Also do you see this guy? He’s scheming about using poop to do a prank.
With that outfit? Girl, please. I can respect that.
In my upcoming autobiographical novella, entitled “Regrets, by K” (by K), I’ve decided to organize my essay collection into themed subcollections (simpletons call them ‘chapters’ [whatever] but I prefer the eloquence of ‘themed subcollections’) based on subject matter, form (or lack thereof), and types of ice cream consumed as part of the narrative of each essay. It’s a really novel system of organization. So, as a teaser for my upcoming autobiographical novella, entitled “Regrets, by K” (by K), I am electing to share the titles of these themed subcollections with you, our dear reader, N. Only N. nOBODY ELSE READS THIS BLOG
Themed Subcollections of “Regrets, by K” (by K)
0. Epilogue: It’s My Book So I’m Putting It At The Beginning As A Plot Device
1. On trying to apply plot devices in a nonfictional, autobiographical narrative.
2. On applying nail polish right before going to your upper level chemistry course.
3. Prologue: I’m Gonna Put It Here Because It’s My Money And I Want It Now
4. On violating J.G. Wentworh’s copyright protections.
5. On writing and publishing very personal blog posts at 3:00 AM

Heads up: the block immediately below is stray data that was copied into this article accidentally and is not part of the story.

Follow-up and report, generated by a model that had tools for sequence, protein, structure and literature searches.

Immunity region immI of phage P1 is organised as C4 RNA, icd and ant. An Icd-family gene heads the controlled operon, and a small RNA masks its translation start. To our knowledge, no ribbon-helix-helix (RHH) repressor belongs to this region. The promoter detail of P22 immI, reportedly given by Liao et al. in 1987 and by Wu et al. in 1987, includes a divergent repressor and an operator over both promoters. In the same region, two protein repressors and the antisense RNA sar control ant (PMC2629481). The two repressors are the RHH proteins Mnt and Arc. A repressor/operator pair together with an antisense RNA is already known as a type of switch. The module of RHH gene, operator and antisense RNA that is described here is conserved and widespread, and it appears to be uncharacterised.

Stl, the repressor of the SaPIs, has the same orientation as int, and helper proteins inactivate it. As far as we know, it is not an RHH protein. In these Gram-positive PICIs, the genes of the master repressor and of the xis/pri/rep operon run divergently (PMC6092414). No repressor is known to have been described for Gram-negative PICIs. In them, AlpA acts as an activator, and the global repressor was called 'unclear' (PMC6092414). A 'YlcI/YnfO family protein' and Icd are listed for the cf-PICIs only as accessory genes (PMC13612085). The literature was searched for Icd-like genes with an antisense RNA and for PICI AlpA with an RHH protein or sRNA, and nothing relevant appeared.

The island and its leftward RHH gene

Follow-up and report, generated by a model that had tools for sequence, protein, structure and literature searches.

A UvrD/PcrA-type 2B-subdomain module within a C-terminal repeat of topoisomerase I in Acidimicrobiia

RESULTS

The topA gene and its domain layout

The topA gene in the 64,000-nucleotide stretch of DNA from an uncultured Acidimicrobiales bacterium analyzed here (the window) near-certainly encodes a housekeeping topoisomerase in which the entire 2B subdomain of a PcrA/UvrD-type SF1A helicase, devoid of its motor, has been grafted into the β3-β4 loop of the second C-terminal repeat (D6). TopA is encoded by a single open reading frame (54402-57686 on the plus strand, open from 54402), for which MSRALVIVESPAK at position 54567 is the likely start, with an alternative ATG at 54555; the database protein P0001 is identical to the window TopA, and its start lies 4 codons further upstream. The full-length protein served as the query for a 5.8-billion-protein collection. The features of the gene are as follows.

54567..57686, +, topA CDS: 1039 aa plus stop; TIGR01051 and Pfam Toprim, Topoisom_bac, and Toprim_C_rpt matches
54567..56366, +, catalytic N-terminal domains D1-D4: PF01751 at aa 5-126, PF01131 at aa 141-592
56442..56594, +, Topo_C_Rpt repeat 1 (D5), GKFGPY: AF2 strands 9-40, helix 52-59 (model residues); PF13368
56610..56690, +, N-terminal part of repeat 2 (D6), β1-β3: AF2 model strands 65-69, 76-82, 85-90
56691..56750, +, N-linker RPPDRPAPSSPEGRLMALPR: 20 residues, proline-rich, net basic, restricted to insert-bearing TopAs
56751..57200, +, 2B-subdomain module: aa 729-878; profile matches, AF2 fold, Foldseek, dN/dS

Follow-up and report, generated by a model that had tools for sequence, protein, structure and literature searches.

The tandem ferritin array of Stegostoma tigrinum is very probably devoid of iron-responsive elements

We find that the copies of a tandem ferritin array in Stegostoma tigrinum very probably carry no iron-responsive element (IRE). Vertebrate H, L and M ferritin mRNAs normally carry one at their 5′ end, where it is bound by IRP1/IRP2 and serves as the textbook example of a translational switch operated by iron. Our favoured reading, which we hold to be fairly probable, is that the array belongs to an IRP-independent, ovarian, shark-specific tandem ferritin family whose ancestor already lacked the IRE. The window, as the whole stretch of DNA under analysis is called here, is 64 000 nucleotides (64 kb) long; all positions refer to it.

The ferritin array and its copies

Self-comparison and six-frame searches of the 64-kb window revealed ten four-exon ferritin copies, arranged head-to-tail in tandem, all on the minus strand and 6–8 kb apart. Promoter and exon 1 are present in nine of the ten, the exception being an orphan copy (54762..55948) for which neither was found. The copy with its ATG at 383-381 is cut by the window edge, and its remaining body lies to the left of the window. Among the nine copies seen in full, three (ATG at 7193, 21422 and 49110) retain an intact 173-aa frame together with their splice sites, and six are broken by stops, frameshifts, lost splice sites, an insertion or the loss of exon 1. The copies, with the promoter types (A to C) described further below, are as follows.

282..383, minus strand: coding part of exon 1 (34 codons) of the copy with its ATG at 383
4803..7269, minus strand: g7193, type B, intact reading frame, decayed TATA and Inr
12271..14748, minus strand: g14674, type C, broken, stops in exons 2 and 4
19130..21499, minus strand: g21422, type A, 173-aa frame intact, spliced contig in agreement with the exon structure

6. On dedicating at least six vodka shots to improving and loving yourself, but then you stop counting shots after that
7. On eating A Lot of Chinese Food before taking A Lot Of Shots
8. On shedding real tears because you didn’t win the ability to purchase Those Shoes You Wanted So Badly / More Than You’ve Ever Wanted Air on eBay
9. (this chapter doesn’t exist. it’s like the 13th floor of buildings with superstitious architects, because I’m witty / edgy / soft grunge like that)
10. On stretching autobiographical novellas to ten themed subcollections because of a culturally cultivated assumption that sets that end in 10 are complete
AND, if you buy the e-book:
11. That time I laughed at a fart joke and then fell on the ground and laughed so hard that a bunch of blood vessels broke in my face, last week
buy it, because i probably bitched about everyone you know in this book
The Paris Review does an interview with Gabriel García Márquez:
That’s a journalistic trick which you can also apply to literature. For example, if you say that there are elephants flying in the sky, people are not going to believe you. But if you say that there are four hundred and twenty-five elephants flying in the sky, people will probably believe you. One Hundred Years of Solitude is full of that sort of thing. That’s exactly the technique my grandmother used. I remember particularly the story about the character who is surrounded by yellow butterflies. When I was very small there was an electrician who came to the house. I became very curious because he carried a belt with which he used to suspend himself from the electrical posts. My grandmother used to say that every time this man came around, he would leave the house full of butterflies. But when I was writing this, I discovered that if I didn’t say the butterflies were yellow, people would not believe it.
Thanks to Addie for the link!